behind the news

Welcome to

January 16, 2004

Greetings! You have just logged on to what all of us at Columbia Graduate School of Journalism think is an exciting and important innovation in press criticism., which you are now visiting, will operate on the Web through the presidential election season, under the auspices of Columbia Journalism Review, the country’s premier media monitor.

One of the minor rituals of American presidential politics is the post-election self-examination (or perhaps I should say self-flagellation) by the press. Quadrennially, we regret having pursued some lines of inquiry while ignoring others, or having gotten caught up in momentary feeding frenzies over unimportant things, or having been too susceptible to spin — and then we resolve to do a better job next time. But now we have a new tool. In 2004, the Web makes it possible to analyze and criticize press coverage in real time, so that suggestions for improved coverage might actually be heeded, and incorporated into campaign coverage, while the campaign is still under way.

Thanks to generous funding from foundations — mainly the Rockefeller Family Fund, the Revson Foundation, and the Open Society Institute — we have set up a campaign press criticism “war room” here at the Journalism School, with the beginnings of a full-time professional staff of seven that will monitor as much of the campaign coverage as possible, and write about it here. The managing editor of, Steve Lovelady, is already on board, and he and Mike Hoyt, the editor of CJR, are well into the hiring process. Steve is a veteran journalist who earlier served as a deputy page-one editor at the Wall Street Journal; then, as part of Gene Roberts’s dream team at the Philadelphia Inquirer, helped supervise eleven Pulitzer Prize-winning works of journalism over twenty years; and, more recently, was an editor-at-large at Time Inc. Bryan Keefer, assistant managing editor, was one of the co-founders of the website will be updating the site several times daily, with particular emphasis on speed when the staff feels it can get inside the news cycle and try to improve coverage as it’s being formed.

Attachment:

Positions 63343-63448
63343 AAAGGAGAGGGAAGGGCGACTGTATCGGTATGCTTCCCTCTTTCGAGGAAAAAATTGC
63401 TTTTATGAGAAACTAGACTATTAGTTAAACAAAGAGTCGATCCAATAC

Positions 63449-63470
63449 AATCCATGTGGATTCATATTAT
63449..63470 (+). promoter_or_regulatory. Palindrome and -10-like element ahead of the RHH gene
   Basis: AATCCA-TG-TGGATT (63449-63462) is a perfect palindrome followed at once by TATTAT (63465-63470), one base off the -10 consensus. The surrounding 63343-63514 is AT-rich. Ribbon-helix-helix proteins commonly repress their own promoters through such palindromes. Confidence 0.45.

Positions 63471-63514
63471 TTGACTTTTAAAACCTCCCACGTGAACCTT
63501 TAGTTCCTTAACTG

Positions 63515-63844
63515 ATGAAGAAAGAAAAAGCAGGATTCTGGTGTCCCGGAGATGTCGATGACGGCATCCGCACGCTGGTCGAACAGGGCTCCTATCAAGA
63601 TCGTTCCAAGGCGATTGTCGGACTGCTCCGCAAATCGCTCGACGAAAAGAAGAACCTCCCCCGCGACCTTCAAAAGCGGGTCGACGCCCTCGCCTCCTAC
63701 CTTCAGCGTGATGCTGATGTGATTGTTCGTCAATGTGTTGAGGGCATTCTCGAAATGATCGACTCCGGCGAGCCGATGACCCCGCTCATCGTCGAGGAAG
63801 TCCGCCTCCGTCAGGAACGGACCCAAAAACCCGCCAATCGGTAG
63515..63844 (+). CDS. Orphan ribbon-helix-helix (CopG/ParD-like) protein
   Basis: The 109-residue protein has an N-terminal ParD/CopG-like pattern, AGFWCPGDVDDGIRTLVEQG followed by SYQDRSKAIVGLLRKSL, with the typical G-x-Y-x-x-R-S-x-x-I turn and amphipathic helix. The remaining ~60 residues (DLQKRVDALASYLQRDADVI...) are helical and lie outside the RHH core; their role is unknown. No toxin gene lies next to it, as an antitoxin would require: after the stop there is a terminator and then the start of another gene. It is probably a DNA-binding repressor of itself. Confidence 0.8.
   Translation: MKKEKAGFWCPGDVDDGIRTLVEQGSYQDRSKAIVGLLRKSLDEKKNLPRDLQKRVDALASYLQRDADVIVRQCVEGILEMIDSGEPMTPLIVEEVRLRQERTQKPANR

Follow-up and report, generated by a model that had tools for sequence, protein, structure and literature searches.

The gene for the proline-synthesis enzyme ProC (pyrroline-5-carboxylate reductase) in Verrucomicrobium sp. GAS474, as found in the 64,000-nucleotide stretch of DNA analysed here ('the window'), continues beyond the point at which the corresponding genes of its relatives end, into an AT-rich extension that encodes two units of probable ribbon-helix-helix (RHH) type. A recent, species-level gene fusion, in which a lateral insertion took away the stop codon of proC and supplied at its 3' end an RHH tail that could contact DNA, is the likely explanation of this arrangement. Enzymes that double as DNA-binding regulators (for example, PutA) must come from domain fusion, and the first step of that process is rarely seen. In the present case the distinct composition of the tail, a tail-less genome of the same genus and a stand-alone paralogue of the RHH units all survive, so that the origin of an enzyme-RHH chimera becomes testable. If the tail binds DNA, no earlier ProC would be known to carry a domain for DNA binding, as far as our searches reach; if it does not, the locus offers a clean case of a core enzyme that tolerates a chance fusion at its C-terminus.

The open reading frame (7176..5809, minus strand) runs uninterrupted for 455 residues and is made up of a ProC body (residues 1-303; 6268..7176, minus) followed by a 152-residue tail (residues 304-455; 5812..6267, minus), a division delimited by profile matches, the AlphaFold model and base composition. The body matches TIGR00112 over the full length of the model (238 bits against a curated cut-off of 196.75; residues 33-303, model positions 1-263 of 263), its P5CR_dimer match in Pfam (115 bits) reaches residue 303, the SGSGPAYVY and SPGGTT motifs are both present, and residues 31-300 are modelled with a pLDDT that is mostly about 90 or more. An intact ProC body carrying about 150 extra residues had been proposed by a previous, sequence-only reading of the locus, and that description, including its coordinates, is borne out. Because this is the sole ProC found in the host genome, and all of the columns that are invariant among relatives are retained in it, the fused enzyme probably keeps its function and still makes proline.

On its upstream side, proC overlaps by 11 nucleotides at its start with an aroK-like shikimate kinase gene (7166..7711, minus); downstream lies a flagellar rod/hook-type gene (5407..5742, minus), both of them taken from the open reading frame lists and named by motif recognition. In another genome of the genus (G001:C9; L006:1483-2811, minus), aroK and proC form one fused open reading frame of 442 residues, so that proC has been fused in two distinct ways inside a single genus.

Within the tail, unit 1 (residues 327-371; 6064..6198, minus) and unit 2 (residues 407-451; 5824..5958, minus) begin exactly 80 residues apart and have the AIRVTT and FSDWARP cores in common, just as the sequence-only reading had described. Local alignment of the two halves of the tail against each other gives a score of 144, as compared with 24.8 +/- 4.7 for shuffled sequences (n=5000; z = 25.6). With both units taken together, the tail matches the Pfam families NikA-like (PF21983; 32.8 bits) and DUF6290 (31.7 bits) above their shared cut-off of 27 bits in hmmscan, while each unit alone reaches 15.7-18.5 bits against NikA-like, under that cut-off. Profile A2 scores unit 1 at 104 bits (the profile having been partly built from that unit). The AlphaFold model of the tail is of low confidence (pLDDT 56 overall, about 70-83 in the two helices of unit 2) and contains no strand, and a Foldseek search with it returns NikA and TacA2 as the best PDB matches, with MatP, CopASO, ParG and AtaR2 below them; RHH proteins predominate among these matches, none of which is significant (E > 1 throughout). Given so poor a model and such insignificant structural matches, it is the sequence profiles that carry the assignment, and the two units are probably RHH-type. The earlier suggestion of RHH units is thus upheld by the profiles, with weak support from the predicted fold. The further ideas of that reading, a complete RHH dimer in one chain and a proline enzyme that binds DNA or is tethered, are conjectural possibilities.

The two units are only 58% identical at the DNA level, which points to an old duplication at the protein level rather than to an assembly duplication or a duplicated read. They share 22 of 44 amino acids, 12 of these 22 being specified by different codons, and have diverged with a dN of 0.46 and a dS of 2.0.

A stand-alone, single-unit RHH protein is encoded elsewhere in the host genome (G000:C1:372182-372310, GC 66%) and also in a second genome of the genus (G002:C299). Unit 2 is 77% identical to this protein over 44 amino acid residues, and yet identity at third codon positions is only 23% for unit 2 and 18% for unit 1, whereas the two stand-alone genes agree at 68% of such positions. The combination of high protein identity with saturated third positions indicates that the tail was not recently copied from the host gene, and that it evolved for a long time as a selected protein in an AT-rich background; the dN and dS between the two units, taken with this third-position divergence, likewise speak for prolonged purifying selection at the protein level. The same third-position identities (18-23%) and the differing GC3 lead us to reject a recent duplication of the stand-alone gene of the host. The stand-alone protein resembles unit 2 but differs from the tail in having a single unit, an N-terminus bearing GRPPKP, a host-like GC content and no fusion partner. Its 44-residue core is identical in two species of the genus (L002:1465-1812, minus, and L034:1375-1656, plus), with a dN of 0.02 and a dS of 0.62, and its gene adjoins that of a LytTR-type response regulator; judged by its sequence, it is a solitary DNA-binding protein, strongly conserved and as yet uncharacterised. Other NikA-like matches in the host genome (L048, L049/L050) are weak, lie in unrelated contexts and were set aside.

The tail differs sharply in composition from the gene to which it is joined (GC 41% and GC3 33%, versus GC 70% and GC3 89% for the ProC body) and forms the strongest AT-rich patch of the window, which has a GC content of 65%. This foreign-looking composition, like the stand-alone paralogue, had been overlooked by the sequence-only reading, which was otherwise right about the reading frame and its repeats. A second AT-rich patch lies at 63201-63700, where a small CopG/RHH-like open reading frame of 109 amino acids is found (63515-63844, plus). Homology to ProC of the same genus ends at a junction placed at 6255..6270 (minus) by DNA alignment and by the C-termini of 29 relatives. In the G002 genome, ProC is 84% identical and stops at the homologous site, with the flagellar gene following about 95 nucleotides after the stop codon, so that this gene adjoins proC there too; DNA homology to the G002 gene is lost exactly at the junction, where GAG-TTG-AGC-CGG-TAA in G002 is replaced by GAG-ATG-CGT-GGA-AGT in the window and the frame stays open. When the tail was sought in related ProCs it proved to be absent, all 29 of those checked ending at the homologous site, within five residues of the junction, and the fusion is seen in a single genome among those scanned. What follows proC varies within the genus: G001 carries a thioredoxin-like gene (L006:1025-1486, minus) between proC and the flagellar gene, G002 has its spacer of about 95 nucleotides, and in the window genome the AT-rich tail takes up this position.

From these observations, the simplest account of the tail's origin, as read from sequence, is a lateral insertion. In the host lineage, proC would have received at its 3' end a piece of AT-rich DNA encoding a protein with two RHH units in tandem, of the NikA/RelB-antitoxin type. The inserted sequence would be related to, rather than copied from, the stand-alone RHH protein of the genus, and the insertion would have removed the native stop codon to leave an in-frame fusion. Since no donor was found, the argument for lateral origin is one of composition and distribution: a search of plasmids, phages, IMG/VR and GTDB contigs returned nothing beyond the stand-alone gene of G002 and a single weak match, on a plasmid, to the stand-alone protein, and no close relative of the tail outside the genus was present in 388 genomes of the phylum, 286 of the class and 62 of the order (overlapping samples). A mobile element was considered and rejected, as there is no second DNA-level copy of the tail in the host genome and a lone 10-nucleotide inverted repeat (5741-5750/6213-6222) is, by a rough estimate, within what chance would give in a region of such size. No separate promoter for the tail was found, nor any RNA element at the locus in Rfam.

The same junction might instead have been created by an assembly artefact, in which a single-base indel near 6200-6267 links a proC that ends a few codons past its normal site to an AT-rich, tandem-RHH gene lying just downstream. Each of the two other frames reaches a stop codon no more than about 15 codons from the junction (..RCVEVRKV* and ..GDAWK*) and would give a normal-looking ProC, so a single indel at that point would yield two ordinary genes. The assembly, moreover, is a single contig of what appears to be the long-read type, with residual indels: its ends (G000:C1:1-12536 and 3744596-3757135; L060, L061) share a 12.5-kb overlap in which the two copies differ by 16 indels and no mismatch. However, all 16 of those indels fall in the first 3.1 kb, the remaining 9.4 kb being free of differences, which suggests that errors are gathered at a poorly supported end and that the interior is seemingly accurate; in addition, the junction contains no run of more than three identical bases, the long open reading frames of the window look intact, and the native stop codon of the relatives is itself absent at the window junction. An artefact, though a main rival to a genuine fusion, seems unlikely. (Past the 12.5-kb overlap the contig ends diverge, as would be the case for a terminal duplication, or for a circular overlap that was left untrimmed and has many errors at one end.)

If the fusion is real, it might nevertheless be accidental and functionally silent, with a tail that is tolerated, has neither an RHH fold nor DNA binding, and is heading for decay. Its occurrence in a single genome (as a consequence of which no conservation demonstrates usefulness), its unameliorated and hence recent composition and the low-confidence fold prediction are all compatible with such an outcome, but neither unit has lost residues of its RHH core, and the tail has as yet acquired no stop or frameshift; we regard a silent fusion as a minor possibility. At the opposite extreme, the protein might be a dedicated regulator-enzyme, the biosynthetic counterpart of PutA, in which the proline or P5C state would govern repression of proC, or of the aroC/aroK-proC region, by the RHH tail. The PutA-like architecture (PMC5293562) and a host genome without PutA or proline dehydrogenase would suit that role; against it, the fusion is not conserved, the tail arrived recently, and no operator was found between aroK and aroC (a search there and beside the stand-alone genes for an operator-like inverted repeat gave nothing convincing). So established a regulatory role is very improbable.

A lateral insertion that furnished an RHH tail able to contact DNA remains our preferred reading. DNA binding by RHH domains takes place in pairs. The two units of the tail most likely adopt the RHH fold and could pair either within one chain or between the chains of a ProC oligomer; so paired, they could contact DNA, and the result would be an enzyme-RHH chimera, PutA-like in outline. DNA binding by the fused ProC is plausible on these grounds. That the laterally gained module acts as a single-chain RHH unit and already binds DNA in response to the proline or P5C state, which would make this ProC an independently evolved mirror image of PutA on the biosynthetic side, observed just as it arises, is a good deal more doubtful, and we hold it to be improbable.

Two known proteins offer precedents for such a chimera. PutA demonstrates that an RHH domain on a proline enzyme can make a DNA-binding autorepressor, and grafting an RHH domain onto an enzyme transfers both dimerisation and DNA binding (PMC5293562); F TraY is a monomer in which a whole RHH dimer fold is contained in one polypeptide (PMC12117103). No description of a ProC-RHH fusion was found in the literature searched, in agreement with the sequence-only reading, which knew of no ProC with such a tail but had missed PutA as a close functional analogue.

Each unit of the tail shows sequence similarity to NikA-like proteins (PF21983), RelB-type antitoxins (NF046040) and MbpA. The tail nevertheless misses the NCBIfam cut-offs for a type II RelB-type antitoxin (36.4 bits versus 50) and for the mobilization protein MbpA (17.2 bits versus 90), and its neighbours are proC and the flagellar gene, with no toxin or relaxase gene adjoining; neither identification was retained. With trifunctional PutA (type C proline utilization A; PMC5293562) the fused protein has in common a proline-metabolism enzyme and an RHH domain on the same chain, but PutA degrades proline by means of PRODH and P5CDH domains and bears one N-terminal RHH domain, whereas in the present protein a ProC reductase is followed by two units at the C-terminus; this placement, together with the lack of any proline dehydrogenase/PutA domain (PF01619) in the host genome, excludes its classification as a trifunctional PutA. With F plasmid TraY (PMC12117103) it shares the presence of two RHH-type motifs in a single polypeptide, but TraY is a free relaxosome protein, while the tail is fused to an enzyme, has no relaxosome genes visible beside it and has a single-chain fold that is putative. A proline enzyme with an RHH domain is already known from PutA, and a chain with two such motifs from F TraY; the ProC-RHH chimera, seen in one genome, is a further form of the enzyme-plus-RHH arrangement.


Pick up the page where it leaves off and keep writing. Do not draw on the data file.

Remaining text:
A few assurances are in order: The Desk will be politically nonpartisan. While it will call attention to journalistic sins, both of omission and commission, it will by no means be exclusively a finger-wagging operation. It will have a lively, engaged tone, not a grim, censorious one. One of the Desk’s important functions will be to praise work of high quality, and one of its most useful aspects will be its ability to bring distinguished work in the local press to national attention, instantly and (through links) in full.

The Desk aims to decrease, not enhance, the self-referential and self-enclosed tendencies of the campaign press. It is quite difficult for reporters traveling with a presidential campaign to get information independently; the Desk intends to make this easier, by making available links to briefing materials, accurate information, and other documents from the outside world that will help reporters evaluate what the candidates are saying.

Because we are starting up on very short notice, will become increasingly full and detailed through its early weeks. Please don’t resist the temptation to become addicted to the site, as it grows and the presidential campaign gathers force. We think has the potential to add a dimension not just to press criticism, but to campaign coverage and even to American politics. And please don’t hesitate to let us know what you think of, and how you think it might be improved.

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Nicholas B. Lemann
Dean, Columbia Journalism School

Nicholas Lemann is Pulitzer-Moore Professor of Journalism at Columbia, and a staff writer for The New Yorker